The landscape of higher education (HE) has changed dramatically in recent years due to the growing social importance of lifelong learning. The influx of students is therefore more heterogeneous than ever before. Entrants are no longer 18-year-old students, but increasingly have a different profile. The student population of the AP University College has also changed in recent years and, with the expansion of graduate programmes, will diversify even more. As a result, flexibility has become a crucial agenda item in higher education. In Flanders, flexibility has so far mainly been given a one-sided interpretation and often evolves towards a target group policy that focuses on certain groups of students, e.g. students who combine work and learning, students who already have a degree ... Flexible pathways are set up for these target groups, while 'regular students' follow the standard pathway. The reality, however, is not so black and white. On the one hand we see that students from specific target groups still choose for a standard trajectory, on the other hand more and more 'regular students' ask for more flexibility. A pure target group policy therefore remains difficult to maintain.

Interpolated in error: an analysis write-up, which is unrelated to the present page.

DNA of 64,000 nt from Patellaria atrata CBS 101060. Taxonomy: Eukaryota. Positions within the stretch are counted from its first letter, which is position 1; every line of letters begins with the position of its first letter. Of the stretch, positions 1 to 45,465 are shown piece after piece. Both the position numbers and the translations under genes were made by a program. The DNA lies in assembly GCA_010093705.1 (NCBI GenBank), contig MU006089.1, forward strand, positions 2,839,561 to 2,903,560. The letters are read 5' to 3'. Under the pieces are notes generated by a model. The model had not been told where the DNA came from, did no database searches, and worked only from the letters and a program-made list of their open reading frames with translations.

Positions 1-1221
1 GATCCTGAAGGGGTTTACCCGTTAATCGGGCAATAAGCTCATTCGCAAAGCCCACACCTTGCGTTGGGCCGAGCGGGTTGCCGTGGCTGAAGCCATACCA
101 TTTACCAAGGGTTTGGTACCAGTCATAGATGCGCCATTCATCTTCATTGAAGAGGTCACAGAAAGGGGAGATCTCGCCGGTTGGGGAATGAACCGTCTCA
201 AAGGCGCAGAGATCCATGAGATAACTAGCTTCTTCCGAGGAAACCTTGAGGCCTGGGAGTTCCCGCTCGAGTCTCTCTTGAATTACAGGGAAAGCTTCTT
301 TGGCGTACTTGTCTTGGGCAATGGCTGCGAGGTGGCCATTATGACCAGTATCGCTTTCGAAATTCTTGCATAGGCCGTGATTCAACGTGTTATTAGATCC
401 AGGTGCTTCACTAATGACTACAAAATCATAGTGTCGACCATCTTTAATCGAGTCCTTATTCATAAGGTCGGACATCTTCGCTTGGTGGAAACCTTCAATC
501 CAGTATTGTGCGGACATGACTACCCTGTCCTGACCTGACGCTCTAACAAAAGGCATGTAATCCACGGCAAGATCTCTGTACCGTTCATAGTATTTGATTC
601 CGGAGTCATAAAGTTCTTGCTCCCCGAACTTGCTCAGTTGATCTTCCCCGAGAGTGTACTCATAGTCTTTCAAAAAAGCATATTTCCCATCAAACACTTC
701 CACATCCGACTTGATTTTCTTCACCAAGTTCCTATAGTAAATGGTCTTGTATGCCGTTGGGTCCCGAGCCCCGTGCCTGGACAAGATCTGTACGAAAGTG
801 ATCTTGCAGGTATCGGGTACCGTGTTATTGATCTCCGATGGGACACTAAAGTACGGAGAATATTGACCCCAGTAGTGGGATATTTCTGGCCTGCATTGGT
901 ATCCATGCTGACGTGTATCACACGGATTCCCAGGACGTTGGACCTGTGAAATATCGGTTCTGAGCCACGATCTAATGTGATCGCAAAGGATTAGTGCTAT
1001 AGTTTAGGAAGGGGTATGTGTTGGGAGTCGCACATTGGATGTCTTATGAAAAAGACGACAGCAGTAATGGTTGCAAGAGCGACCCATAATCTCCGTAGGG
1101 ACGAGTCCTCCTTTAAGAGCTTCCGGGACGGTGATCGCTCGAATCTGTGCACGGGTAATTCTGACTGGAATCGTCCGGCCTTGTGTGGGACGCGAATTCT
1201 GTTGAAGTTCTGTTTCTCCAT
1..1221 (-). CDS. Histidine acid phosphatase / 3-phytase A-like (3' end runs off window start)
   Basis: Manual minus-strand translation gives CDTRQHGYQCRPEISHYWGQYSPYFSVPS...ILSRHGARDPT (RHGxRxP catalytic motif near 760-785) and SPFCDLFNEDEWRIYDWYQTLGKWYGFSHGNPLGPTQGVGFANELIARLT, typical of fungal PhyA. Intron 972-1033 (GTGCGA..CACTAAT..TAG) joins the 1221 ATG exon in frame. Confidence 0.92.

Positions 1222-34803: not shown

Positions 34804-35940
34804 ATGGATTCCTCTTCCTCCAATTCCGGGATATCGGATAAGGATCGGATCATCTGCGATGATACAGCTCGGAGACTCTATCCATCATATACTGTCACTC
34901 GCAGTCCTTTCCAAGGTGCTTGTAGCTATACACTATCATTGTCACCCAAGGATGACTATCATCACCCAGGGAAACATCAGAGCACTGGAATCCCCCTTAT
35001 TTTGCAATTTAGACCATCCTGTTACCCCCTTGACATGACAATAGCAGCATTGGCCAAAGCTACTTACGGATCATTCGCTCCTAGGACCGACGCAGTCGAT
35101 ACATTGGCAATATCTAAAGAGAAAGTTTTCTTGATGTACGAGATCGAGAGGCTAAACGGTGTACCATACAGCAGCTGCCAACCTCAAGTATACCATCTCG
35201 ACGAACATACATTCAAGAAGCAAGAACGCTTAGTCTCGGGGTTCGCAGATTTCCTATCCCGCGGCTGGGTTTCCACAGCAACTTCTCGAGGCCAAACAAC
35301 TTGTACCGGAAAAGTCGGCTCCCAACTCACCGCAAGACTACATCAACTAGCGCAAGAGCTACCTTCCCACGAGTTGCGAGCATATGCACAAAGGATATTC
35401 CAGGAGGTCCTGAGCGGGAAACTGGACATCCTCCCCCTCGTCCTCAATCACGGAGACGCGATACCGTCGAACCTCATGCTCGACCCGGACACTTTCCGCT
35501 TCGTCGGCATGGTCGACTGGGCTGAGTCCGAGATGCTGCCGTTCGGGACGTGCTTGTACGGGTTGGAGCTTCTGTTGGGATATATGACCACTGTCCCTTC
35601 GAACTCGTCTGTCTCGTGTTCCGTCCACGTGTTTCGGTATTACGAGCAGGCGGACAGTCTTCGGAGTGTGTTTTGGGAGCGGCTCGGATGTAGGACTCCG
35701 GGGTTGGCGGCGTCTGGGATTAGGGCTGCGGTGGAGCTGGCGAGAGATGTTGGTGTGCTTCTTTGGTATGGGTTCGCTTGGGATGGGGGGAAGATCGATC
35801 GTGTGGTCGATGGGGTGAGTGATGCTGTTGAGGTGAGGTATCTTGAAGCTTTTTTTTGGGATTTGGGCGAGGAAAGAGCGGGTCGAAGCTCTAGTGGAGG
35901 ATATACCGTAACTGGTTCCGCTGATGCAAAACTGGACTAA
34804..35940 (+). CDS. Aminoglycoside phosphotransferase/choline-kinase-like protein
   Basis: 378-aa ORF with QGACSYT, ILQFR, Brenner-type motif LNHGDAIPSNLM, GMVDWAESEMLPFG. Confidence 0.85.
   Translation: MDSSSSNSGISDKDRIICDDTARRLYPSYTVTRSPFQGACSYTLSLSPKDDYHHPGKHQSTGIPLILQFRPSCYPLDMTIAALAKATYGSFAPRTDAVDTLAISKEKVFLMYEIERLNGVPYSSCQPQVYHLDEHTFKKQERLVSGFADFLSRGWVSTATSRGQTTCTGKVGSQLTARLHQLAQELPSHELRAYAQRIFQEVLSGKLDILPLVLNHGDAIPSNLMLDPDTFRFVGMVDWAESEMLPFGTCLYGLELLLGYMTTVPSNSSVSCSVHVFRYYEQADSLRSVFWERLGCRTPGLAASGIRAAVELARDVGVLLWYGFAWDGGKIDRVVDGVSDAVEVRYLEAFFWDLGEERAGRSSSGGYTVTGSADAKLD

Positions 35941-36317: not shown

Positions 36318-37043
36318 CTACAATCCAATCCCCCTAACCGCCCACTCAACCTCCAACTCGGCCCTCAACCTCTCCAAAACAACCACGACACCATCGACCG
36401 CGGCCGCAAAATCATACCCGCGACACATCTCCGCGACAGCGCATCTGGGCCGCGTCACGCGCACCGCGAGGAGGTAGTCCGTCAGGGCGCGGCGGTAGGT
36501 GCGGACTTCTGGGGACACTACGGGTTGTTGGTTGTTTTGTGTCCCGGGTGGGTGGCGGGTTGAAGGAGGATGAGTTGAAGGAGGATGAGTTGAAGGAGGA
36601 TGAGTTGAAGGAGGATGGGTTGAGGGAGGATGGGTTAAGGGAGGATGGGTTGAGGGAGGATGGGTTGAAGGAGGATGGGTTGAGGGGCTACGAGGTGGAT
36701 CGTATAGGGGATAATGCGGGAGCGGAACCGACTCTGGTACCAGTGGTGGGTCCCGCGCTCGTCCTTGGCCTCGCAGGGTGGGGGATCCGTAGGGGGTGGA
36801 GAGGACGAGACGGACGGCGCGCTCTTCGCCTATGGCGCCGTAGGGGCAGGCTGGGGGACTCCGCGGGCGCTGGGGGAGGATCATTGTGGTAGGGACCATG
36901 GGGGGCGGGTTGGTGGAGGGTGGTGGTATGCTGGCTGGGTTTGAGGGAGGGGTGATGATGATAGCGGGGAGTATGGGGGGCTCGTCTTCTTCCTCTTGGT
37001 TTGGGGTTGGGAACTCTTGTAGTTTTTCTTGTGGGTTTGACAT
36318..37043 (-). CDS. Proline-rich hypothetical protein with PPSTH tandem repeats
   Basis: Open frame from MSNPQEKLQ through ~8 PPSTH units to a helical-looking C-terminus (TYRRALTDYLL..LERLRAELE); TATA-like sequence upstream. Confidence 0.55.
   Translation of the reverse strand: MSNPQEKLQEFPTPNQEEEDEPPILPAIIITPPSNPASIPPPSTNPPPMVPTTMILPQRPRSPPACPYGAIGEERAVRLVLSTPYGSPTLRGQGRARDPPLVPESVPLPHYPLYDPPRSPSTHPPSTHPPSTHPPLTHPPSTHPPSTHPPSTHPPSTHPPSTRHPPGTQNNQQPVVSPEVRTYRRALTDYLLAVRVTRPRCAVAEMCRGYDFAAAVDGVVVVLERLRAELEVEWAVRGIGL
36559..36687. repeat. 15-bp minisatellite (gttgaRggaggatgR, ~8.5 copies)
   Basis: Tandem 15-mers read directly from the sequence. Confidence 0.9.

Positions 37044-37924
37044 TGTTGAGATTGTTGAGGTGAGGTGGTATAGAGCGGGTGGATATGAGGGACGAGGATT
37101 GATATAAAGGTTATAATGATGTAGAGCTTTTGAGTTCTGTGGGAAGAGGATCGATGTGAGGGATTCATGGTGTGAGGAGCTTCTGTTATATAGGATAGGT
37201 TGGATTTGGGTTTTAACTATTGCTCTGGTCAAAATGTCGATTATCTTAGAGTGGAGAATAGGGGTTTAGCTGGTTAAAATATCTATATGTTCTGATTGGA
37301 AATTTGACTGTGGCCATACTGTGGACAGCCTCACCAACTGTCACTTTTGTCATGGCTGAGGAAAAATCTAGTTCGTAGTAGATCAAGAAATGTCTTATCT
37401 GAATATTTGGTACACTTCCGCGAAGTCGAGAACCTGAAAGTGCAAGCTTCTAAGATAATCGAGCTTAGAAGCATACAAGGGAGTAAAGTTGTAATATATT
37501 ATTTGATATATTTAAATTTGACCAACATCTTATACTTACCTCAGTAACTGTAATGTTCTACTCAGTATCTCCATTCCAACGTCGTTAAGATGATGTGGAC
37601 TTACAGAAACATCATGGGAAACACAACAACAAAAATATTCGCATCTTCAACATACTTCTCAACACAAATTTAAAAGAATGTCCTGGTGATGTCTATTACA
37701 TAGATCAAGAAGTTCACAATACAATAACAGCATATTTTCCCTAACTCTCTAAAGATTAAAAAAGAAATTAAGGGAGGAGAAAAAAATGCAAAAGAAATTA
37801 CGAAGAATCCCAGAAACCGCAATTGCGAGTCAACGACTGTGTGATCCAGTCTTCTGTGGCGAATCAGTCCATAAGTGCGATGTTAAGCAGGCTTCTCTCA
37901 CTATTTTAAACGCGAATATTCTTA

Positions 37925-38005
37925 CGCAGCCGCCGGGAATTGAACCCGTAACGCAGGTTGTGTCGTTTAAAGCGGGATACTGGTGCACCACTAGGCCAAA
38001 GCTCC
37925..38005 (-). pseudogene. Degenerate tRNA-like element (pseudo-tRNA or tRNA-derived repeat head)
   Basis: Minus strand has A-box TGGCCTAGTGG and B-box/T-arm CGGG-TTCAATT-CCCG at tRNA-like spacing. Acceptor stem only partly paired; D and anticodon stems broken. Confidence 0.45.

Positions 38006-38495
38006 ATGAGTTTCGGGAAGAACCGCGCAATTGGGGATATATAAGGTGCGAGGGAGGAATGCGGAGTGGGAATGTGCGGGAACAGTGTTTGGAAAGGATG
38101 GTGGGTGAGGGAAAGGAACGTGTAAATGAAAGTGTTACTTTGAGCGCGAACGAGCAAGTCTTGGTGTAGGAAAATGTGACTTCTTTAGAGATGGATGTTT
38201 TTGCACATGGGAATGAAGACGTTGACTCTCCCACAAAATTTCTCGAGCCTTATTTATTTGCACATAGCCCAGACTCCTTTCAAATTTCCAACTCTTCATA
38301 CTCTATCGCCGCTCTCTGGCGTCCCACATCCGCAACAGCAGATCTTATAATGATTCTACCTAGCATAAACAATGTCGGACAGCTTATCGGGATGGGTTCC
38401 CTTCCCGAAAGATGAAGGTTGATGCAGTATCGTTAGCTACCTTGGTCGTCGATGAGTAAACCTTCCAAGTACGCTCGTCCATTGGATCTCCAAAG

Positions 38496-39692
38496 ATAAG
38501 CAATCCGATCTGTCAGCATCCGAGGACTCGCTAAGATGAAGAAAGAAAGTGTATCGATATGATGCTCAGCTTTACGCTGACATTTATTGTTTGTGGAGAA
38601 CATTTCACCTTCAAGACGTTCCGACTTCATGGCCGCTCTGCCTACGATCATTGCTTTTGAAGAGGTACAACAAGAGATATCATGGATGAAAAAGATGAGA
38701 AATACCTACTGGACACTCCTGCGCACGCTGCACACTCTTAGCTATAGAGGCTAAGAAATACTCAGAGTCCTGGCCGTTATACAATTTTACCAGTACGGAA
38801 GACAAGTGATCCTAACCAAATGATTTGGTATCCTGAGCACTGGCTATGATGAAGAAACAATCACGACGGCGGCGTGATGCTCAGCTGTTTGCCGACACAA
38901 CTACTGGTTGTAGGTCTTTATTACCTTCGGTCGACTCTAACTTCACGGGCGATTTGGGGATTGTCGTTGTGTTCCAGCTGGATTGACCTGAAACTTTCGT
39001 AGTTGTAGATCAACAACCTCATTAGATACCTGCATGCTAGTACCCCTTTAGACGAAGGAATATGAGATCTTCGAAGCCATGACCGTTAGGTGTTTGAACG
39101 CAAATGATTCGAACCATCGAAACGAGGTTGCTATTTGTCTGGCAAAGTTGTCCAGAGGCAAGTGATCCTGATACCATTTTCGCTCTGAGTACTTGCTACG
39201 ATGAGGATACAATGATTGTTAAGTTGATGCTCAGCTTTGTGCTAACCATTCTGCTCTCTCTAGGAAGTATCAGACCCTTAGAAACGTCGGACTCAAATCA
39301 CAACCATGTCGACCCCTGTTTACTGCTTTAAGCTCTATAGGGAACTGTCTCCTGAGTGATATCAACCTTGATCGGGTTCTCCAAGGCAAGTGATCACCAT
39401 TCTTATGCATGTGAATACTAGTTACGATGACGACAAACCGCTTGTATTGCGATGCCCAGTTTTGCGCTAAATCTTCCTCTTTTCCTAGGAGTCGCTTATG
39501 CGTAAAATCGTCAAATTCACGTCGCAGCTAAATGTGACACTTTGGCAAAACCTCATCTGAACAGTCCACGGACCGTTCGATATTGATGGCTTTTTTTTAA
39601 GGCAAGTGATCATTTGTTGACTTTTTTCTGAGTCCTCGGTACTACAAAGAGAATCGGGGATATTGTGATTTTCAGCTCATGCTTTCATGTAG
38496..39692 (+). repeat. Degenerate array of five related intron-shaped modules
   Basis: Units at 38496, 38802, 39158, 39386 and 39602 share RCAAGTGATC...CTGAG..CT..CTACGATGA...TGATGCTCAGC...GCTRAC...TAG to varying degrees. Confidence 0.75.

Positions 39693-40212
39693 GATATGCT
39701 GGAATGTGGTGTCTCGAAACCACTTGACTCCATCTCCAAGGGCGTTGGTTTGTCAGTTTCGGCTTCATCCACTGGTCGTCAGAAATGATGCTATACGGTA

This research project aims to bring clarity to this complex situation.Through a literature study, database analyses, questionnaire research, focus groups and interviews, it attempts to map the diversity and flexibility needs of the AP student population and the extent to which the curriculum is tailored to these needs. In doing so, it poses the question which incoming profiles can be distinguished and whether they differ from each other 1) in terms of learning and motivation characteristics and language skills and 2) flexibility needs. Finally, in the context of flexibilisation of higher education, this research project tries to explore other flexible paths than a target group policy.